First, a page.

In order for airport operations to run smoothly, even the smallest processes must be coordinated seamlessly. Bernd Rijsdijk, senior project manager and consultant in the Airport Management chapter at T-Systems International, explains how increasing automation is changing the infrastructure of “Airport 4.0”.
MOB: Mr. Rijsdijk, what do you think makes the airport so special as a “microcosm”?
Bernd Rijsdijk: To operate an airport, thousands of people and countless processes are necessary. The complex freight and passenger processes must be orchestrated effectively. Mastering such a complex ecosystem makes every airport special.
MOB: What is a “Smart Airport”?
Rijsdijk: The smart airport predicts results in order to allocate resources in a tactically sensible way from the start. This avoids possible bottlenecks, processes are designed efficiently and the greatest possible comfort for passengers is achieved. A smart airport converts reactive measures into proactive ones. For example, while nowadays new security checkpoints are only opened if the waiting time is too long, the networked systems of the smart airport can predict the waiting time at the gate for the next few hours by incorporating various factors. In this way, further checkpoints can be opened proactively, so that there are no long waiting times.
MOB: T-Systems implemented its solution at the Beijing Daxing Airport – one of the largest airports worldwide. What were the special challenges here?
Rijsdijk: Beijing Daxing is one of the largest and most comprehensive airport digitization installations by T-Systems worldwide – almost all relevant processes between landing and take-off are planned and controlled in real time. During the implementation, up to 80 colleagues and several subcontractors worked together smoothly on the project at peak times. The project was completed within 19 months. Customizing, for example, the following solutions was a particular challenge:
- The resource management system (RMS) to support complete resource planning
- The Flight Information Display System (FIDS), which combines real-time passenger information with other media
- The Enterprise Service Bus, which integrates over 110 partner systems into the existing infrastructure
All of these networked systems were completely redesigned according to the greenfield strategy and had to function immediately after “switching on”.
MOB: The IT infrastructure of an airport must not fail under any circumstances, but it is also a “dream destination” for many hackers. How can security be ensured here?
Rijsdijk: Cyber attacks pose ever greater challenges to airports as digitalization progresses. Hackers try to steal business-critical data or digital identities every day. Increasing, all-round connectivity requires ubiquitous security measures. That is why we offer our customers the same solutions with which Deutsche Telekom as a group is protected worldwide. The smart airport solution can be seamlessly integrated into the highly protected infrastructure of airport customers.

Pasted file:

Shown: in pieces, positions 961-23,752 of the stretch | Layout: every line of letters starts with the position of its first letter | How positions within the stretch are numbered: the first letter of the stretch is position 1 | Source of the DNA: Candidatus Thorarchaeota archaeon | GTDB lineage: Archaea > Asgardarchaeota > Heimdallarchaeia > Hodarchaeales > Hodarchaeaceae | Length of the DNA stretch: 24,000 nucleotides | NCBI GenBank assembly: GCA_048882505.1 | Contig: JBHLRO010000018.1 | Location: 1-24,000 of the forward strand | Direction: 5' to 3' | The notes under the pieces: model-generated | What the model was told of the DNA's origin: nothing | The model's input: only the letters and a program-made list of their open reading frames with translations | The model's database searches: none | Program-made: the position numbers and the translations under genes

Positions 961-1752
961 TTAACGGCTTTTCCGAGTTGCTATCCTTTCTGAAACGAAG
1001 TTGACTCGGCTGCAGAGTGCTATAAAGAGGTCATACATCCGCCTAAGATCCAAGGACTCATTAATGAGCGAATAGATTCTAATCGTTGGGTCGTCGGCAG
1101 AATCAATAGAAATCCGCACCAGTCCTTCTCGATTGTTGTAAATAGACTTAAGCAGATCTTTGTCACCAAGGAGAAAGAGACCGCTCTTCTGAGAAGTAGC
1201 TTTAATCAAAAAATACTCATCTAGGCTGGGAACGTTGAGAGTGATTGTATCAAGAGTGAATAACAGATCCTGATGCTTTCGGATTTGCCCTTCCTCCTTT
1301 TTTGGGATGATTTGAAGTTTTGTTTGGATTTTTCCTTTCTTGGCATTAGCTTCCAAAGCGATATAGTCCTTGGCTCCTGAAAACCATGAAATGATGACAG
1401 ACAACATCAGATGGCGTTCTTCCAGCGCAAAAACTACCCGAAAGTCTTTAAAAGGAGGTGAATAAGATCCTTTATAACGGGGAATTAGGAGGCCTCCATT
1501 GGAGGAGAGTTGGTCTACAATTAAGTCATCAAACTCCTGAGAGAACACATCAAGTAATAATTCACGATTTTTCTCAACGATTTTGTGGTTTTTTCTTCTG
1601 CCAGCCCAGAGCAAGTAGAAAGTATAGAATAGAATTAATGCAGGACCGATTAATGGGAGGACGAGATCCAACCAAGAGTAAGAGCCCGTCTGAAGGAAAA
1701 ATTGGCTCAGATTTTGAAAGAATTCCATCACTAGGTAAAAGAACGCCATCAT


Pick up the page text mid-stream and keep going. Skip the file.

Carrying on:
MOB: Analogous to the customer experience in retail, the “passenger experience” is now also used – can you briefly explain what this is about?
Rijsdijk: Similar to the customer journey, there are certain touch points that influence the travel experience. This starts with the planning of the flight, goes to the trip to the airport, the search for a parking space, the security checks and the boarding of the aircraft. Passenger Experience aims to make all possible and influence able touch points consciously tangible and thus create a good travel experience. The entire travel time should be made as pleasant as possible through precise information and simple processes.
MOB: How will the new 5G mobile communications standard affect airport management? Will there be more IoT applications in this environment?
Rijsdijk: Capturing real-time data from a large number of sensors and incorporating it into regulation is one of the future challenges in airport management. To do this, huge amounts of mostly mobile data have to be transported, which is only possible with the help of a powerful mobile network, the 5G network . This can only be achieved through consistent use of the IoT. A lot of data can be created using edge computing but can already be processed in the network to relevant information by enriching it and directly relating it, thus supporting decisions quickly and efficiently.
MOB: What could differentiate the “airport of the future” from the classic airport?
Rijsdijk: Process automation will continue, and the area-wide use of biometrics could play a role in this. We will also see individualization and autonomy, such as handling with self-driving vehicles . We are also working on a passenger experience based on the so-called “seamless travel”, a journey without media breaks.